Law360 (May 20, 2020, 6:03 PM EDT) -- As the COVID-19-stricken greater New York City area inches toward reopening for business, a platoon of workers at the Southern District's federal courthouses is readying a transformation that will include enhanced social distancing for jurors, controlled access and clear barriers to shield workers and trial witnesses.
Southern District Chief Judge Colleen McMahon doesn't know exactly when the city — which arguably has been hit harder by the coronavirus outbreak than any other place in the world, with nearly 23,000 deaths — will get the go-ahead to reopen from Gov. Andrew Cuomo, whose full lockdown order of March 20 is still in place.
Trial witnesses will testify behind a transparent plastic barrier. (Photos by Pete Brush | Law360)
"You'll see changes in the courtrooms," Judge McMahon said. "There is lots of plexiglass around here. There are lots of things being separated."
The changes will be large and small and could slow down proceedings. Social distancing will be enforced in security lines and elevators — the time-honored elevator handshake will be forbidden — and, when they eventually return, jurors will see distancing measures.
Much of New York state, including the Albany region, has made enough progress in combating the spread of the virus to begin reopening. But the city, where hospitalizations and other virus-related metrics have been stubbornly difficult to tamp down, especially in lower-income neighborhoods, is not there yet.
"I don't have dates," Judge McMahon said.
Elevator occupancy will be carefully controlled.
The court will reopen in phases, according to District Executive Edward Friedland and Judge McMahon.
"Jury trials are going to be the last thing to come back," Judge McMahon said.
They eventually will kick off in large, refurbished courtrooms — three in downtown Manhattan's Thurgood Marshall Courthouse and three in the adjacent Daniel Patrick Moynihan Courthouse — that feature clear plastic barriers and jury boxes where jurors are much farther apart. Similar changes also are afoot in the Southern District's Charles L. Brieant Jr. Courthouse in White Plains.
Social distancing will be enforced throughout SDNY courthouses.
Prior to restarting jury trials, however, the court will kick off its first phase by opening its doors to employees. And, in a second phase, the court will open its doors to lawyers and some litigants for the purpose of taking filings and potentially holding nonjury proceedings in person.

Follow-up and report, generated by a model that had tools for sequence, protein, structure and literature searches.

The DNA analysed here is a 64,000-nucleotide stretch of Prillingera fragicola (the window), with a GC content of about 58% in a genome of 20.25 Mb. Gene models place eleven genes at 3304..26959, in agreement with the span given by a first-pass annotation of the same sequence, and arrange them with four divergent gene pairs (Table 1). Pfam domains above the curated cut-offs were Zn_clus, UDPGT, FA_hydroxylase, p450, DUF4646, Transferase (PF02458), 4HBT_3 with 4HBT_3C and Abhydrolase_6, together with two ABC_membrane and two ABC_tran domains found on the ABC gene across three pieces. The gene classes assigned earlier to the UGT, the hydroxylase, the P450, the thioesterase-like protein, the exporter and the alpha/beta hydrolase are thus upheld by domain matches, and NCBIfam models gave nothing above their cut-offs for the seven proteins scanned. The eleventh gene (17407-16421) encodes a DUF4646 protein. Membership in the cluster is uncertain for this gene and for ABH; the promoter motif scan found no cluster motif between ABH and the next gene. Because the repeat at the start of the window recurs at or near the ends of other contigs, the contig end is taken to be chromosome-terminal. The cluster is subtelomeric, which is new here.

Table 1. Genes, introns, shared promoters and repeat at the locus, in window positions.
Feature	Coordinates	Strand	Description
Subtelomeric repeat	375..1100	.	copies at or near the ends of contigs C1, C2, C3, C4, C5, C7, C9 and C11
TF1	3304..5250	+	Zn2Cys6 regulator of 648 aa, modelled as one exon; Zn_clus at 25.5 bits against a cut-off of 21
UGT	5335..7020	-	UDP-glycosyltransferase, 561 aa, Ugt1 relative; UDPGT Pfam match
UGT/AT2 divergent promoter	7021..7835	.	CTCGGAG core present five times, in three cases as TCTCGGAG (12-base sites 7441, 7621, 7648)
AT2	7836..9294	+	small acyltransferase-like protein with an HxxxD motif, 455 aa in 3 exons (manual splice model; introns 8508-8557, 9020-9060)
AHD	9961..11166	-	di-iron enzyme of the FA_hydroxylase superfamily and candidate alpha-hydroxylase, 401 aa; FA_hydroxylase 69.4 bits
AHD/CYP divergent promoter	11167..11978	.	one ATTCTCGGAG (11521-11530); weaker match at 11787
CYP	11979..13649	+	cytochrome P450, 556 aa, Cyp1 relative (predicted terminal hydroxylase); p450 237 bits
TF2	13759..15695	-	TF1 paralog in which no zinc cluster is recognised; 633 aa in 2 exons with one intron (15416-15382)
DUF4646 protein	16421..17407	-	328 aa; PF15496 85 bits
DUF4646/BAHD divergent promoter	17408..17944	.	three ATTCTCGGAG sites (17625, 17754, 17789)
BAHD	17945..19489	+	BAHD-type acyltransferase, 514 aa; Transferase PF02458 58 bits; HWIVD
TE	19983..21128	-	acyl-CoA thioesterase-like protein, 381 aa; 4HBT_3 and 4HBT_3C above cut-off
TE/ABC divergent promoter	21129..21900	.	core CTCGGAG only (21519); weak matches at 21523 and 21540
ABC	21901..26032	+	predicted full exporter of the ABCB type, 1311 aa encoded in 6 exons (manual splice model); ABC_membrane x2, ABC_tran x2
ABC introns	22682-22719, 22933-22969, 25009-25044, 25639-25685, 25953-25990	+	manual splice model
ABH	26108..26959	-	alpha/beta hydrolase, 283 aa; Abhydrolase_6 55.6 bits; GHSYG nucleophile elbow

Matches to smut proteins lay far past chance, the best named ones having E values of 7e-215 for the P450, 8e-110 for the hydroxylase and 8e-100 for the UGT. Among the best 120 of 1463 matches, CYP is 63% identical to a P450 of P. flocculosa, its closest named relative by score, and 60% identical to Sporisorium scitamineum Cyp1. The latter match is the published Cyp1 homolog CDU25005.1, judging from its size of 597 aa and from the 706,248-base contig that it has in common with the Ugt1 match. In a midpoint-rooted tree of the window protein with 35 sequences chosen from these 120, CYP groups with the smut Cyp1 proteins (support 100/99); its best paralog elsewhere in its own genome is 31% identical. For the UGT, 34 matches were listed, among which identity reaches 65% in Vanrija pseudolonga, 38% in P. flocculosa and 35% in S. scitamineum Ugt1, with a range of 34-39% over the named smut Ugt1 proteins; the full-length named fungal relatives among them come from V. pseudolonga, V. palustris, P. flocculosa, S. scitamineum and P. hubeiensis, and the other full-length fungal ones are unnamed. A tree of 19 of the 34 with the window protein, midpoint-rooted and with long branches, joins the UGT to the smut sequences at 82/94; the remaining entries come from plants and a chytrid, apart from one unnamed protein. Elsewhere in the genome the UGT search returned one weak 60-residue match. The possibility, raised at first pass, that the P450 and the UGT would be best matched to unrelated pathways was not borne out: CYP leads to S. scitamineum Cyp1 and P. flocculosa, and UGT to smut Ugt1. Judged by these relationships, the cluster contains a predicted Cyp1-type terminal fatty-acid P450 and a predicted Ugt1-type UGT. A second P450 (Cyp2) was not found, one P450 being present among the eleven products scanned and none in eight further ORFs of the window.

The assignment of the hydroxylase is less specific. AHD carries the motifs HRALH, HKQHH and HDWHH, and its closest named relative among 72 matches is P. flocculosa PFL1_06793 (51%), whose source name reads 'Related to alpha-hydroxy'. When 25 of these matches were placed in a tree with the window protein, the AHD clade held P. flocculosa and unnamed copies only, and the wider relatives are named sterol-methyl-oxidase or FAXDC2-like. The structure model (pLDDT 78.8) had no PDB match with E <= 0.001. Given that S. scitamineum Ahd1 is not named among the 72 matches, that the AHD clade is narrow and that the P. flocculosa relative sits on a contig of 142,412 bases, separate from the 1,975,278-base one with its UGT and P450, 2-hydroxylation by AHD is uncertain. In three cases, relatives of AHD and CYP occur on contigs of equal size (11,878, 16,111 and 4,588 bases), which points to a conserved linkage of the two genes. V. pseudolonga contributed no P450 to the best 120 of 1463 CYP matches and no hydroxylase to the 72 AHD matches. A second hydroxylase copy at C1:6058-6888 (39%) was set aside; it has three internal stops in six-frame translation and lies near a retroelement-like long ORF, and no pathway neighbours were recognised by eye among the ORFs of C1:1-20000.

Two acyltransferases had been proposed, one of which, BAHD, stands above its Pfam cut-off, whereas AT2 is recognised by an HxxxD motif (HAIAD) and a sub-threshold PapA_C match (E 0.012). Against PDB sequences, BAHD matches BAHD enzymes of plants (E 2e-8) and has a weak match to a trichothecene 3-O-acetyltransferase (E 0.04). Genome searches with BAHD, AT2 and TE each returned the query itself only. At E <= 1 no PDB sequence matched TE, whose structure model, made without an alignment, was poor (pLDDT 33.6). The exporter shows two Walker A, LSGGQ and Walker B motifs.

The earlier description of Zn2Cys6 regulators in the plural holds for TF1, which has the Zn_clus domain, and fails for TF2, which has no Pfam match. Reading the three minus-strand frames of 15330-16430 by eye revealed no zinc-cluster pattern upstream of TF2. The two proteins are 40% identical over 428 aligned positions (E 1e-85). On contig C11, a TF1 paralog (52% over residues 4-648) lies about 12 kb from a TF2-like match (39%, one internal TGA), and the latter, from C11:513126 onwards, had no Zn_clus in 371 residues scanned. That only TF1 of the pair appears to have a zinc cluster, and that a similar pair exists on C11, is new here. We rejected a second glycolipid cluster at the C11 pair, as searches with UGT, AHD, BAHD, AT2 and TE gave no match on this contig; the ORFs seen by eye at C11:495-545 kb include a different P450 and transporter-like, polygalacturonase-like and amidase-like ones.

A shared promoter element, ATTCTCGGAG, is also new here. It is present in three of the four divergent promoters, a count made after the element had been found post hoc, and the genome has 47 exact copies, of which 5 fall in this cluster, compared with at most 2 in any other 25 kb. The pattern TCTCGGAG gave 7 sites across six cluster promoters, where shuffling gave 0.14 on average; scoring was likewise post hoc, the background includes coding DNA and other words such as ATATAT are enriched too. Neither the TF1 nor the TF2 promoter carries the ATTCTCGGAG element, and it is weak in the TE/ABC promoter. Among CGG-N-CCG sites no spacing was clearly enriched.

"I expect Phase Two will last for a while," Judge McMahon said.
When the court reopens, hundreds of Southern District workers will be screened for the virus and will be asked to self-report symptoms. The screening effort will run alongside distancing, masking and hygiene in a model that follows a successful effort by the Massachusetts General Hospital system to protect its workers from the disease.
There are hundreds of workers who make the Southern District run, but so far only 18 — including court security personnel and cleaning staff — are known to have contracted the virus.
The Southern District's only COVID-19-related death, however, was a notable one: the passing of retired U.S. District Judge Kevin T. Duffy, a "legend" among his colleagues.
Fewer jurors will wait to be called in a socially distanced jury pool room.
Meanwhile the Second Circuit, which is housed in the top floors of the Thurgood Marshall building, has successfully adopted an oral argument by telephone approach. The appellate court has no intention of reopening until mid-August at the very earliest, according to Clerk of Court Catherine O'Hagan Wolfe.
The onslaught of the virus has led to some beneficial charges, from a court perspective, including a broad expansion of telephone hearings, Judge McMahon said.
As things reopen, many judges may continue to hold hearings by phone, favoring them over dragging lawyers and litigants to New York City from far-flung places.
And, Judge McMahon cautioned, the whole thing could revert to a full lockdown in the blink of an eye if "the worst happens" and coronavirus case numbers begin to spike again.
--Editing by Michael Watanabe.
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